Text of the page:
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Adopting learner-centred strategies has major implications for faculty and individual students. This issue of CDTL Brief on Learner-centred Teaching/Learning explores how certain learner-centred approaches may be adapted to improve student learning in various contexts.

April 2006, Vol. 9, No. 1 Print Ready ArticlePrint-Ready
The Philetics of Teaching
Ms Chua Siew Beng
Department of Management & Organisation, HRM Unit

Good teaching is often viewed as the practice of creating situations that maximise student learning. Thus, learner-centred teaching is often synonymous with good teaching as it focuses on the learners, not the teachers. So, what are some factors to consider in making our teaching learner-centred? Broudy (1972) describes three teaching modes namely:

  1. Didactics-a subject-centred approach emphasising the transmission of knowledge from teacher to students.

  2. Heuristics-an experiential learning approach encompassing the equipping of students with methods or processes so that students can learn on their own.

  3. Philetics-a student-centred approach (also known as affective education) highlighting the importance of looking at students' needs holistically.

Central to the philetic mode of teaching is the studentteacher relationship. However, more often than not, the cognitive-oriented education system we are familiar with prevents us from seeing students as individuals with aspirations, concerns and feelings. In addition, our taskoriented culture often confines lecturers and students to stereotypical roles of providers and recipients of knowledge respectively. Indeed, most teacher-student relationships are often short-lived, ending with the completion of a module.

Building relationships with students requires us to look beyond teaching methodologies and evaluate our approaches in interacting with students. Thus, it will be helpful if we can keep the following questions in mind as we plan our lessons:

  1. Is the subject matter relevant and interesting to our students?

  2. Is what we are teaching contradictory to students' personal beliefs and values?

  3. Is our teaching style threatening to the self-concepts/ esteem of students?

  4. What is our attitude towards students?

  5. Do we make time to listen to students' concerns, especially those pertaining to their learning needs?

Students learn most effectively when learning is selfinitiated. As facilitators of learning, we can motivate students and stimulate their interest in the subject by incorporating affective learning in class. This requires us to pay attention to how affective factors (e.g. students' attitude, self-concept, motivation, interest and engagement in learning the subject) are managed. If handled well, these affective factors contribute positively to students' learning experiences, making them selfinitiated learners.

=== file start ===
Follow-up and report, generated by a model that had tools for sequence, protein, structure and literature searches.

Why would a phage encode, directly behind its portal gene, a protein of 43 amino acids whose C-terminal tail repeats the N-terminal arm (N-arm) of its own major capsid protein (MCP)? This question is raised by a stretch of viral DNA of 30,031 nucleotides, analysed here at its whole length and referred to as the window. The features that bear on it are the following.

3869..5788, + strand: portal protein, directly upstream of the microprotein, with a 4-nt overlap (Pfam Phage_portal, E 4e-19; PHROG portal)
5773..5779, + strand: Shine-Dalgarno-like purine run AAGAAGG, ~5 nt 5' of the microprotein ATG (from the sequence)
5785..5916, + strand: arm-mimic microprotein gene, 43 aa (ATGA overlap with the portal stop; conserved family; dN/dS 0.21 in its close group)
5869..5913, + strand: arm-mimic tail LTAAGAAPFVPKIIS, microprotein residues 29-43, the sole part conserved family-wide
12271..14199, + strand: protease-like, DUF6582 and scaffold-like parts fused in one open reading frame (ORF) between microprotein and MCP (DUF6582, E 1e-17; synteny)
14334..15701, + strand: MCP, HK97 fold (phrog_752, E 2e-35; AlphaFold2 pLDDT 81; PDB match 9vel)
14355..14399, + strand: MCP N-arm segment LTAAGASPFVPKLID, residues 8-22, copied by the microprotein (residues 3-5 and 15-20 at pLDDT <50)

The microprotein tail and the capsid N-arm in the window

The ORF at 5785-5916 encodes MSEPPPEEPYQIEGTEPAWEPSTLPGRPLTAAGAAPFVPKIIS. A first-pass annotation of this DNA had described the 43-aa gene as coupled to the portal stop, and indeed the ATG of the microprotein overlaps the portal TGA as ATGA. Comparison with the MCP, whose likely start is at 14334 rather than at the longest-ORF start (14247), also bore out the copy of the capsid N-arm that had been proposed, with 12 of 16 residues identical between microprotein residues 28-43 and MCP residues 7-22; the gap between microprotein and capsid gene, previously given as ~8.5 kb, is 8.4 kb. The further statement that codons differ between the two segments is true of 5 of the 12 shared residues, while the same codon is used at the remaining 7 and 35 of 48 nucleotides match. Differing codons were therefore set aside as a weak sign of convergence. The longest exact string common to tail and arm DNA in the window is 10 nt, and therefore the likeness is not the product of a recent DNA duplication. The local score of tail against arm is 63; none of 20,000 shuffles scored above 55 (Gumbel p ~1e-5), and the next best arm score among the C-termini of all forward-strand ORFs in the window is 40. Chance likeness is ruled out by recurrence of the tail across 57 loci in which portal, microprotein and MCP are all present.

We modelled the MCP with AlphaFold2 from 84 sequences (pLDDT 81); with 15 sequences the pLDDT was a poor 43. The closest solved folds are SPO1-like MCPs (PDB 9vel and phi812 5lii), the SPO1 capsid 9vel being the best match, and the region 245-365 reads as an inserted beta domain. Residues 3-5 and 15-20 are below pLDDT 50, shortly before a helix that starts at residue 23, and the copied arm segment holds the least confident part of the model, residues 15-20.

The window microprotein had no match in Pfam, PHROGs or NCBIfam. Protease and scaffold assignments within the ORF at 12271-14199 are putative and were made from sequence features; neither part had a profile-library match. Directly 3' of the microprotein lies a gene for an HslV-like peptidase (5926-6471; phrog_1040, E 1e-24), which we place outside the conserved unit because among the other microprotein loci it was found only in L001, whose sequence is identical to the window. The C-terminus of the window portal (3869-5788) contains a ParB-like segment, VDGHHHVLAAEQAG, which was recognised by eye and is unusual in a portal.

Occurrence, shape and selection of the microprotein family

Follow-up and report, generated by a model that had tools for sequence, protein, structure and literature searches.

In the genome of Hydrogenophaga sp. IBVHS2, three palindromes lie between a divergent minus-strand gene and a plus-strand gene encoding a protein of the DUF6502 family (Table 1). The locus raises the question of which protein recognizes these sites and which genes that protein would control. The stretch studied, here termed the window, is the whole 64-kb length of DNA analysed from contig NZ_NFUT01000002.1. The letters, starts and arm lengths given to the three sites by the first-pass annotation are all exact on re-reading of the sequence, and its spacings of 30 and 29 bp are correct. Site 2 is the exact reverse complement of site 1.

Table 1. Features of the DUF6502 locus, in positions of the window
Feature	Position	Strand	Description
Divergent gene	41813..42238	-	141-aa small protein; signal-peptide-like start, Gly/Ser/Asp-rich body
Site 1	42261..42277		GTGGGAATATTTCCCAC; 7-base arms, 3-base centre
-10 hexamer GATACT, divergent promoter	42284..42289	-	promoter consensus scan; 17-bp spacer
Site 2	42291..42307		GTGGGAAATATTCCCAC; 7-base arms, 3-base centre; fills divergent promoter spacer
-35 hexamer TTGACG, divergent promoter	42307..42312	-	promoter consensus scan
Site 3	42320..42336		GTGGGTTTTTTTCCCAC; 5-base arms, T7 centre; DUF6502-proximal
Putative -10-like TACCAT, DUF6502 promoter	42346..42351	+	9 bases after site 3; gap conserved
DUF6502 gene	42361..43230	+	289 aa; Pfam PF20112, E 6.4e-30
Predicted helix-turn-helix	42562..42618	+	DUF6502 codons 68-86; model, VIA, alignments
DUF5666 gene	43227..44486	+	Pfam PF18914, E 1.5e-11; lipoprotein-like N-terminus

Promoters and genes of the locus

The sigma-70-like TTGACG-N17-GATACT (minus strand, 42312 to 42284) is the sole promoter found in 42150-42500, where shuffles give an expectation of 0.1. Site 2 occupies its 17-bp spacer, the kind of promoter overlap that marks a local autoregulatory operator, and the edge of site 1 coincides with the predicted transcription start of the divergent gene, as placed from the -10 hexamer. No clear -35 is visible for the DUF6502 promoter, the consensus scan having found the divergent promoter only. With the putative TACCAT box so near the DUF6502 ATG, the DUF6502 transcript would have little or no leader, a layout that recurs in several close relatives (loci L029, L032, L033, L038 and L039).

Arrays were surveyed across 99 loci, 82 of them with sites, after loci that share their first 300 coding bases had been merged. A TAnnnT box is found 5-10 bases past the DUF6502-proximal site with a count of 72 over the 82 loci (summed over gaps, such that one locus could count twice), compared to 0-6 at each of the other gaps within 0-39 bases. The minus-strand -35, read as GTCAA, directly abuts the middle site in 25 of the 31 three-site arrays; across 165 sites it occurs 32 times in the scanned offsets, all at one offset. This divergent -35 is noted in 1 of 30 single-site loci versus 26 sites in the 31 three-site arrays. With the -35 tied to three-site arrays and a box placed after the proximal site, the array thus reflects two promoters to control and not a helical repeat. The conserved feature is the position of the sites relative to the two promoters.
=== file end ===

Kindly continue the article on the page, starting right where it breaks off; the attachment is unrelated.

Another way to incorporate affective learning in class is to do away with the assumption that all students have the same level of motivation and learning ability. Instead, gain students' confidence and trust by addressing their doubts and fears in the learning process. Lecturers who open themselves up to students are often appreciated and respected. This can be achieved through sharing of personal experiences and treating students as equals. Such interactions make students' learning experiences meaningful and communicate to students that they are not just passive recipients of knowledge, but active partners in the learning process.

Another critical factor to consider in the philetics of teaching is the classroom's 'climate' and whether it is conducive for student-teacher interaction. The psychological distance (rather than the physical distance) between students and us matters in promoting studentteacher interaction in class. For example, we may be teaching in a small tutorial room but the atmosphere can be cold and tense. In creating a classroom climate conducive for student-teacher interaction, we may wish to consider the following:

  1. Is the class atmosphere friendly and warm, or bureaucratic and cold? Is it conducive for learning?

  2. Does the class environment threaten the sense of security students look for in a learning environment?

  3. Have we communicated the learning objectives and outcomes of the course to students clearly?

  4. Do we make the necessary learning resources available for students to complete their tasks?

  5. Have we considered how we should balance the emotional and intellectual aspects of learning in our classes?

  6. What have we done to alleviate students' learning anxieties?

  7. How often do we share our feelings and thoughts with our students without being dominating?

In essence, the philetics of teaching goes beyond a lecturer's mastery of the subject and pedagogical theories. It is about guiding and nurturing our students as they embark on a learning journey.


Broudy, H.S. (1972). 'Didactics, Heuristics, and Philetics'. Educational Theory, Vol. 22, No. 3, pp. 251-261.

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Inside this issue
‘Divide and Conquer’: Breaking a Big Class into Small Teams for Tutorials
Teaching Patient-centred Care in the Community
Case-based Tutorials
Learner-centred Practices and the Necessary Changes
The Philetics of Teaching
Teaching Students with Different Learning Styles
Student-led Tutorials